In the digital age, nothing is secret.
The web and social media serve as a handy megaphone for anyone with an opinion about any product, company, or concept—the good, the bad, and the ugly. Meanwhile, advances in consumer technology have raised people’s expectations about what a ‘good’ experience looks and feels like; organizations that over- or under-deliver on those expectations will hear all about it.
Combine this transparency of the web and a higher bar for experiences with the age-old desire of humans to feel heard, and the result is what we call the Feedback Economy.
Given the astonishing proliferation of feedback (more on that below), it’s tempting to think of that feedback as noise, and to only spring into action if and when it takes a nasty turn. But organizations can’t afford to adopt such a reactive stance.
The savviest companies gather feedback proactively from the people who matter most—their customers, their employees, and the market at large. When you understand the 'why' behind feedback, you'll understand what people like about your products, what the market is hungry for, and what's driving employee retention, like you never have before. You also provide an avenue for those with legitimate issues to air them away from the public spotlight. You can even leverage feedback channels to ‘talent spot’ your biggest customer and employee champions. All you have to do is ask.
This business intelligence is incredibly valuable when it comes to driving growth and innovation. It’s so valuable, in fact, that feedback has become a new currency—an advantage that could end up tipping the market in favor of the companies that use it well. This Feedback Economy has already changed the way the world market functions, and has major implications for organizations of every industry.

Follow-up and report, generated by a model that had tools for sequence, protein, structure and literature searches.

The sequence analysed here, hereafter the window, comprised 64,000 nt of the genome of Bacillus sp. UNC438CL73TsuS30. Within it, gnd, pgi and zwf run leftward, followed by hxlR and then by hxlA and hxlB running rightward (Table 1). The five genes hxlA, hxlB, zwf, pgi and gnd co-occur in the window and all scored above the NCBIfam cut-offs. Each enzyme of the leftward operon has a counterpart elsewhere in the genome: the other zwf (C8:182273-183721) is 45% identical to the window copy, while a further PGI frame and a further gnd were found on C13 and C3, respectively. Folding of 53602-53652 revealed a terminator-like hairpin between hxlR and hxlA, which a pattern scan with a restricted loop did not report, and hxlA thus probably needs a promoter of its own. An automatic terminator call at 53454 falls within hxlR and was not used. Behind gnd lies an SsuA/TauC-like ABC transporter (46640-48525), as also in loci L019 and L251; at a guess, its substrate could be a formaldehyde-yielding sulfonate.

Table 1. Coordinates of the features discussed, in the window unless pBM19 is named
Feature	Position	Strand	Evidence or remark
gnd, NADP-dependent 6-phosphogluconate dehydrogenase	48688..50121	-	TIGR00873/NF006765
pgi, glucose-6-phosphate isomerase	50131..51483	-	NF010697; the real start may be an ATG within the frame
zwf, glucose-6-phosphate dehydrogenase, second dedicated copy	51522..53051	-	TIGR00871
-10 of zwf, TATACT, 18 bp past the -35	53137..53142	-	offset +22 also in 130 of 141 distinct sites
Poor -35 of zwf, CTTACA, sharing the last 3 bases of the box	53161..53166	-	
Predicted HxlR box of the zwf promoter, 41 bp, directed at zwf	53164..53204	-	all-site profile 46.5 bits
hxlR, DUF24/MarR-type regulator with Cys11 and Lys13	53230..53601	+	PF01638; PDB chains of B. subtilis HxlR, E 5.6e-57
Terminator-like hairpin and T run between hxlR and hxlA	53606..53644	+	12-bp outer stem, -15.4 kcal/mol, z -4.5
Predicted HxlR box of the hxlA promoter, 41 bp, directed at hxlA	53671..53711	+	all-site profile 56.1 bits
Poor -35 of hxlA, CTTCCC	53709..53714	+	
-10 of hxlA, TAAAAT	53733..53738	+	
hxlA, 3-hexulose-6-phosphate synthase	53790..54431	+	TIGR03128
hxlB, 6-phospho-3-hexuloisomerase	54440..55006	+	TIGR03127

Need more convincing? These 12 statistics throw the power of the Feedback Economy into sharp relief.
Customers and the Feedback Economy
Public feedback is pervasive and influential.
The loudest voices are the people on the extremes.
- 85% of people say they’re likely to provide feedback when they’ve had a good experience and 81% provide it when they’ve had a bad experience.—more than 1.7 times the rate at which people leave feedback after having had a “normal experience” (48%).—SurveyMonkey research, 2019
Proactive feedback has proven to be a business advantage.
- 85% of small and medium-sized enterprises say that online customer feedback has been beneficial to their business.—Barclays, 2018
- Barclays estimates that optimizing for the Feedback Economy could yield 3.2 billion dollar opportunity in the next decade in the UK alone.—Barclays, 2018
- 91% of people believe that companies should fuel innovation by listening to buyers and customers, compared to only 31% who think they should hire a team of experts.
—SurveyMonkey research, 2019
Employees and the Feedback Economy
Public feedback has as much impact on employer brand as it does on customer expectations.
Companies aren’t leveraging feedback adequately right now.
Asking for feedback has a meaningful effect on the employee experience.
- 85% of people who had entry interviews about their strengths, interests, and areas for growth upon being hired said they enjoyed it and 65% found it helpful.—SurveyMonkey research with Adam Grant, 2019
- Companies that give their employees regular feedback have 14.9% lower turnover than companies that don’t.—Gallup, 2011
Companies that prioritize feedback see significant results in terms of employee engagement and retention.
There’s no question that the Feedback Economy is here to stay. It’s a major opportunity for companies to bring more thoughtfulness and strategy to their business decisions. Want to harness it for yourself? Start asking questions.
Ready to harness the Feedback Economy? Our suite of solutions can help you innovate and grow your business at every stage.